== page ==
After our recent kitchen update, I noticed that the old kitchen chair seat covers looked washed out. The seats had been recovered only two years before, but against the new white paint they didn’t stand a chance. So it was time for another face-lift. Recovering dining chairs is a project that I have done too many times to count over the years, but I still et that same thrill when I turn the newly covered chair over and see how good it looks. I hope you will feel that way too!
If you want to recover your own chairs, you will need a few supplies –
- new upholstery fabric and lining fabric (optional) in enough quantity to cover the seats with 6 inch overhang on each side – I recommend at least medium weight cotton or upholstery fabric.
- Staple gun and staples – I used an Arrow T-150 light duty stapler
- staple remover (optional)
- screwdriver or drill to remove and replace the seat cushions screws
- tape measure
- iron (optional)
To cover my chairs, I used an old curtain panel. If you choose fabric with a pattern, be sure that the pattern is going the same way on all of the chairs.
This is my seat cushion. I decided to leave the old seat covering on, since the fabric was clean and not torn or ripped. If your fabric is heavily soiled, ripped or has a heavy texture like corduroy, you will want to remove it before recovering. This will require that the old staples be removed, or you can cut the old fabric away, leaving just the stapled on fabric on the underside of the seat. Plan for plenty of extra time to do this step.
I cut my fabric into four squares of equal size, making sure the pattern was going in the same direction on each fabric square. If your fabric is wrinkled, you will want to iron it before you start stapling. My plan was to work on them like an assembly line. When one was done, I would just set another on top to finish.
Set your chair seat in the middle of your pre-cut fabric. Start by pulling up one side of the fabric tight, and stapling it in the middle. Then pull the opposite side up tight in the middle and staple. Do this on all four sides, then check underneath to make sure that there are no lines or wrinkles in the fabric. If there are, pull out two opposite staples, straighten the fabric and continue. Keep pulling up fabric on one side, staple it, then do the opposite side until you have worked your way around the entire seat. You should have at least 8-9 staples per side.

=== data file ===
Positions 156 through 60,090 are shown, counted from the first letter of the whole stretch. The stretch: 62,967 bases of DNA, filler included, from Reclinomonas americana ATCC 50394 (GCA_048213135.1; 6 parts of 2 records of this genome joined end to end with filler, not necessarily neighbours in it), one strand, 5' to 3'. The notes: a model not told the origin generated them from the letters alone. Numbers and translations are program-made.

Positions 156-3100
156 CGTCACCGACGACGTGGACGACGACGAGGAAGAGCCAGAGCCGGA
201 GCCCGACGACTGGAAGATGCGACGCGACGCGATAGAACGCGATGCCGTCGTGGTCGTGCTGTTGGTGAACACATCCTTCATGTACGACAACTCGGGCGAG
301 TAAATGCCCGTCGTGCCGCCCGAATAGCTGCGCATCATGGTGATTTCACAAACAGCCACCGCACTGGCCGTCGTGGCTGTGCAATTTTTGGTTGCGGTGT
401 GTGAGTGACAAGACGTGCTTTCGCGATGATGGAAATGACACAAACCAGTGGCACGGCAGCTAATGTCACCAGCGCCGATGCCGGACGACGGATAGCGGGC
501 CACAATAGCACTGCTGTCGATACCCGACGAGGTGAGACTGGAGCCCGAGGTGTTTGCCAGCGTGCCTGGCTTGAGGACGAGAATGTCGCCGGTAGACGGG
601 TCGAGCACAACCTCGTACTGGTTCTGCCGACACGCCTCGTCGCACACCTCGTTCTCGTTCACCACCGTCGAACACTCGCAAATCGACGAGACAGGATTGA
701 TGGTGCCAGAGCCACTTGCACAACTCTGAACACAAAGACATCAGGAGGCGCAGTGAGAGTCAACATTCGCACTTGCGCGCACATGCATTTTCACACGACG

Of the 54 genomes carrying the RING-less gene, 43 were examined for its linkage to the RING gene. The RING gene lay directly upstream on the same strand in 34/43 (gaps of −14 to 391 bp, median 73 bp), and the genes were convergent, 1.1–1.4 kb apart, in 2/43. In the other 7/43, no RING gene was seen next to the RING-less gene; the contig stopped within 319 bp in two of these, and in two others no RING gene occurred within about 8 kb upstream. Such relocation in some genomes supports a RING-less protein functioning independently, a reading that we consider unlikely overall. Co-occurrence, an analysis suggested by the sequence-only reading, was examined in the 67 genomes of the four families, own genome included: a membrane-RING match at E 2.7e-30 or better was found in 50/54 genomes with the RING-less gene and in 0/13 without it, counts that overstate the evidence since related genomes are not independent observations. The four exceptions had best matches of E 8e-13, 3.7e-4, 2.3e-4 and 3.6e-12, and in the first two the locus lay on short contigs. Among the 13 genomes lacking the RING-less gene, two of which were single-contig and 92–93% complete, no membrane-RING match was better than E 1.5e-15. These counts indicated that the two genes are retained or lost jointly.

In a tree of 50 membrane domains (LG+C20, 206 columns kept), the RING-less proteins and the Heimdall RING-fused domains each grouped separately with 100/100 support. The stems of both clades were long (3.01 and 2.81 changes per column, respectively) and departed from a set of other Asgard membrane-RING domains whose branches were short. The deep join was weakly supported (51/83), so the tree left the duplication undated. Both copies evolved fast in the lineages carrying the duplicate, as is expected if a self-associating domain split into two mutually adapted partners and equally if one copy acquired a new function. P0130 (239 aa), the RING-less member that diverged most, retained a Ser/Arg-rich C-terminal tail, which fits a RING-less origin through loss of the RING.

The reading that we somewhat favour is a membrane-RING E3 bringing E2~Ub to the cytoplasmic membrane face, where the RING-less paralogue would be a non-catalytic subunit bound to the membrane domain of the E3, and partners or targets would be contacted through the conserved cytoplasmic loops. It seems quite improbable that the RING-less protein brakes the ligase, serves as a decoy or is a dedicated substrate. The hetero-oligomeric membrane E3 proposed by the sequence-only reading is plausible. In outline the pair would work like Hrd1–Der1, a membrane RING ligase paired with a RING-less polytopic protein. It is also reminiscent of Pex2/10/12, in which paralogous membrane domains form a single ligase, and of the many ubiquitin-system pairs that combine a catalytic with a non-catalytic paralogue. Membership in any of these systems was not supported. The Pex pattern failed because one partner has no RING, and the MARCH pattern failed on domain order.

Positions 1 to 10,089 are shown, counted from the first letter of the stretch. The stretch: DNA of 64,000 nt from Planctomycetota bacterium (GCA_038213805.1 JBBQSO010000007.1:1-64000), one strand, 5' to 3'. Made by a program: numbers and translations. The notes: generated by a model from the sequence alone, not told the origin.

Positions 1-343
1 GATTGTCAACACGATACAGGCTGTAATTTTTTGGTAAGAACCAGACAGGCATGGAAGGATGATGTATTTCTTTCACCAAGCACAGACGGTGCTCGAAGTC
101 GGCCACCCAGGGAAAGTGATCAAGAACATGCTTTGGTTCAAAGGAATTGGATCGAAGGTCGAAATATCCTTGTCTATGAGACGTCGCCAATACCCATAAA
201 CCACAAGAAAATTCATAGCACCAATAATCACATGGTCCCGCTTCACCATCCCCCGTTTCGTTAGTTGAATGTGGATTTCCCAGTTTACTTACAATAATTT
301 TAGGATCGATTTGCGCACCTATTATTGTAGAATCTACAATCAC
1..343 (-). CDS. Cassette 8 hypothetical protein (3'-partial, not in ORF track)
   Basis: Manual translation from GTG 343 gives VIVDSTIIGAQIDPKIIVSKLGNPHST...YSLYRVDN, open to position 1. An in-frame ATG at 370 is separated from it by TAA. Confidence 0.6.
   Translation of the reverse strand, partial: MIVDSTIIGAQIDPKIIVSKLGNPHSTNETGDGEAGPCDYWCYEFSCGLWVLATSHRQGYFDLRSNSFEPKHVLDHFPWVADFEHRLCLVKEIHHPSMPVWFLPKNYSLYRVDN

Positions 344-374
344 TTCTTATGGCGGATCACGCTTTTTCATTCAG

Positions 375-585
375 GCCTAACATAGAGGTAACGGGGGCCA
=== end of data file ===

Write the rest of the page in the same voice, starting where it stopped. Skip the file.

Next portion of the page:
The corners will require a little more work. First, pull up the excess fabric at the corners, and cut off the “point”.
The amount of fabric at the farthest point out should be about the same length as the fabric on the sides.
Find the center of the corner fabric and fold in, making “butterfly” wings on each side. Staple down the center of the fabric.
Now, gather the wings and staple those down flat against the center fabric.
This will make a nice, flat corner for the fabric that will look nice when you re-attach the chair seat. Cut away any excess fabric under the chair seat before re-attaching. For a neater look ( I did not do this) you may want to purchase additional fabric to attach in a solid piece to the seat bottom to hide the cut edges of the new fabric.
Once you have completed covering the seats, re-attach them using the same screws. To do this, set your newly covered seat upside down on the table edge, and place the chair upside down on top of it. Line it up, then replace the screws that hold the seat to the chair frame. My new fabric was covering the original holes so I could not see them. So I used a drill to replace the seat screws and attach the seats. I did not make new holes, but the drill was able to re-attach the screws easily thru the new fabric.
So that’s all there is to it. Good luck and leave me a comment if you have any questions!